REPORT: Russia Tests Hypersonic Nuclear Warhead… MULTIPLE Times

Well if this isn’t a comforting thought… Just kidding, this is terrifying. If we get another spineless president in the White House, it could have some potentially disastrous results.

Russian strategic missile troops reportedly launched an RS-18 ballistic missile on Tuesday. The launch may have been a test of the advanced hypersonic glider warhead, which would be able to defeat US anti-missile systems.

The test was conducted at midday from a site near the town of Yasny, Orenburg region, in the southern Urals, and the warhead reached the Kura test range in Kamchatka in Russia’s Far East.

“The test was a success. The warhead was delivered to Kura field,” the Defense Ministry reported.

Popular defense blog MilitaryRussia.ru says the launch was meant to test Russia’s hypersonic glider warhead, currently known by its developer designation, ‘object 4202’, or Aeroballistic Hypersonic Warhead.

On top of this, Britain also had 800 troops, drones and tanks deployed to the Russian border.

Britain is sending hundreds of soldiers and hardware to Russia’s borders as part of a huge military deployment.

A total of 800 troops, drones and tanks are moving to Estonia as part of the biggest military build up of NATO troops on Russia’s borders since the Cold War.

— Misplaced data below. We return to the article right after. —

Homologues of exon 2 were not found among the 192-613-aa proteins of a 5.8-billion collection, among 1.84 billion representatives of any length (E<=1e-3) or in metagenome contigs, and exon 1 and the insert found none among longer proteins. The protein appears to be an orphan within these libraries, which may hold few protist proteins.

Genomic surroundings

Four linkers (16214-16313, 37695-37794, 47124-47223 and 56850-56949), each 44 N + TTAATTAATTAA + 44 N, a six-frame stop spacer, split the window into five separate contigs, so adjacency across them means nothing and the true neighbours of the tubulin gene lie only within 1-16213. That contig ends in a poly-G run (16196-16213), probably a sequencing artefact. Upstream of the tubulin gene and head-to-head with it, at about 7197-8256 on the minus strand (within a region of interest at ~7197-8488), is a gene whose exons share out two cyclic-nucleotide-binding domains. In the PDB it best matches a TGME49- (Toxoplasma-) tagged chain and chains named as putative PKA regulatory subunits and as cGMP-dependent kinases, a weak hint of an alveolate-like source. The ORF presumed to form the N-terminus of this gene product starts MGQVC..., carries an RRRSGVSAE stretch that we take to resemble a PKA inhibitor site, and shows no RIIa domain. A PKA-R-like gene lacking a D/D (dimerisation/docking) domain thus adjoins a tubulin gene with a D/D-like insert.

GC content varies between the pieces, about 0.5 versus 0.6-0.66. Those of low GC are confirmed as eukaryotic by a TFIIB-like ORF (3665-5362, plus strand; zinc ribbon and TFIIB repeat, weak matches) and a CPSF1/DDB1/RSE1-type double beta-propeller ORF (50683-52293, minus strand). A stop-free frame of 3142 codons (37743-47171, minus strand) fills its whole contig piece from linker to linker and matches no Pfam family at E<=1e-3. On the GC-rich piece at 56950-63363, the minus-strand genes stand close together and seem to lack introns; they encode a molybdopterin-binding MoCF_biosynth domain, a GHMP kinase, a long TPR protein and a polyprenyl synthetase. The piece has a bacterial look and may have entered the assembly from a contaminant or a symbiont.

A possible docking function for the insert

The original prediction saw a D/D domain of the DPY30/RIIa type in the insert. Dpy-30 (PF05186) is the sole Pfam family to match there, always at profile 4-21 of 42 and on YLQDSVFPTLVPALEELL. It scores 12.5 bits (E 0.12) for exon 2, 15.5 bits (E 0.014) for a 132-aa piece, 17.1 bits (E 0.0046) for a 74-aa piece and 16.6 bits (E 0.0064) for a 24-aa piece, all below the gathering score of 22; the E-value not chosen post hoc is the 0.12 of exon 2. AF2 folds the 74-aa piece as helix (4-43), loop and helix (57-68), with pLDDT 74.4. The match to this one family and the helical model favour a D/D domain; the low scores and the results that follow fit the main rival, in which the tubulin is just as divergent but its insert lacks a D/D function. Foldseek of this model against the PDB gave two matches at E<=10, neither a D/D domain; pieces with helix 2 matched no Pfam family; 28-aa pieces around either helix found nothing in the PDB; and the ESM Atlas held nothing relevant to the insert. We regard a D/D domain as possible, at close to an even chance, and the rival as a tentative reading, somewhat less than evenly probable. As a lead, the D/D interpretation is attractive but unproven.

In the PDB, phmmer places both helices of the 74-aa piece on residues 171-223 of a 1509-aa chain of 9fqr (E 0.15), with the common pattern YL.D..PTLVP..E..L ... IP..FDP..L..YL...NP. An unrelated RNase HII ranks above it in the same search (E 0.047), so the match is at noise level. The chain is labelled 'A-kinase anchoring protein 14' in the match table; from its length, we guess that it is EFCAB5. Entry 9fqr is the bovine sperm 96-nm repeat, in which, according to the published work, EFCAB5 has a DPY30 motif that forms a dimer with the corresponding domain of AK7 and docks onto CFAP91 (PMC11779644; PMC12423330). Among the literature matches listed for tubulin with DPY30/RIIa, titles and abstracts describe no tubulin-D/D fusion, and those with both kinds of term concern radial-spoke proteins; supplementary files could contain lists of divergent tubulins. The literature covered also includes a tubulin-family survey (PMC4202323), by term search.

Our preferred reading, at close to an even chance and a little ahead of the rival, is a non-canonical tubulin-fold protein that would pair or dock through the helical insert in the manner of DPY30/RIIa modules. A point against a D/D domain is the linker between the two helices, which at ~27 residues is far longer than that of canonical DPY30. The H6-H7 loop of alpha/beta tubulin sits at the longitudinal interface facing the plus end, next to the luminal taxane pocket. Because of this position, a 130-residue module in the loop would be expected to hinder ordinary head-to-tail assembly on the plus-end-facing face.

It comes after an increase in tensions between the West and Russia in recent months.

Earlier this month, 40 million Russians reportedly carried out nuclear evacuation tests after officials warned that the West wanted to launch strikes on the country.

NATO is now pressing allies including the US and Britain to contribute to the military presence as the alliance prepares for a long quarrel with Moscow.

Last week, a Russian aircraft carrier passed through the English Channel as it travelled to Syria in a show of force along Europe’s shores.

Alliance defence ministers aim to make good on a July promise by NATO leaders to send forces to the Baltic states and eastern Poland from early next year.

The United States hopes for binding commitments from Europe to fill four battle groups of some 4,000 troops, part of NATO’s response to Russia’s 2014 annexation of Crimea and concern it could try a similar tactic in Europe’s ex-Soviet states.

France, Denmark, Italy and other allies are expected to join the four battle groups led by the United States, Germany, Britain and Canada to go to Poland, Lithuania, Estonia and Latvia, with forces ranging from armoured infantry to drones.

NATO Secretary-General Jens Stoltenberg said the commitments would be “a clear demonstration of our transatlantic bond.”

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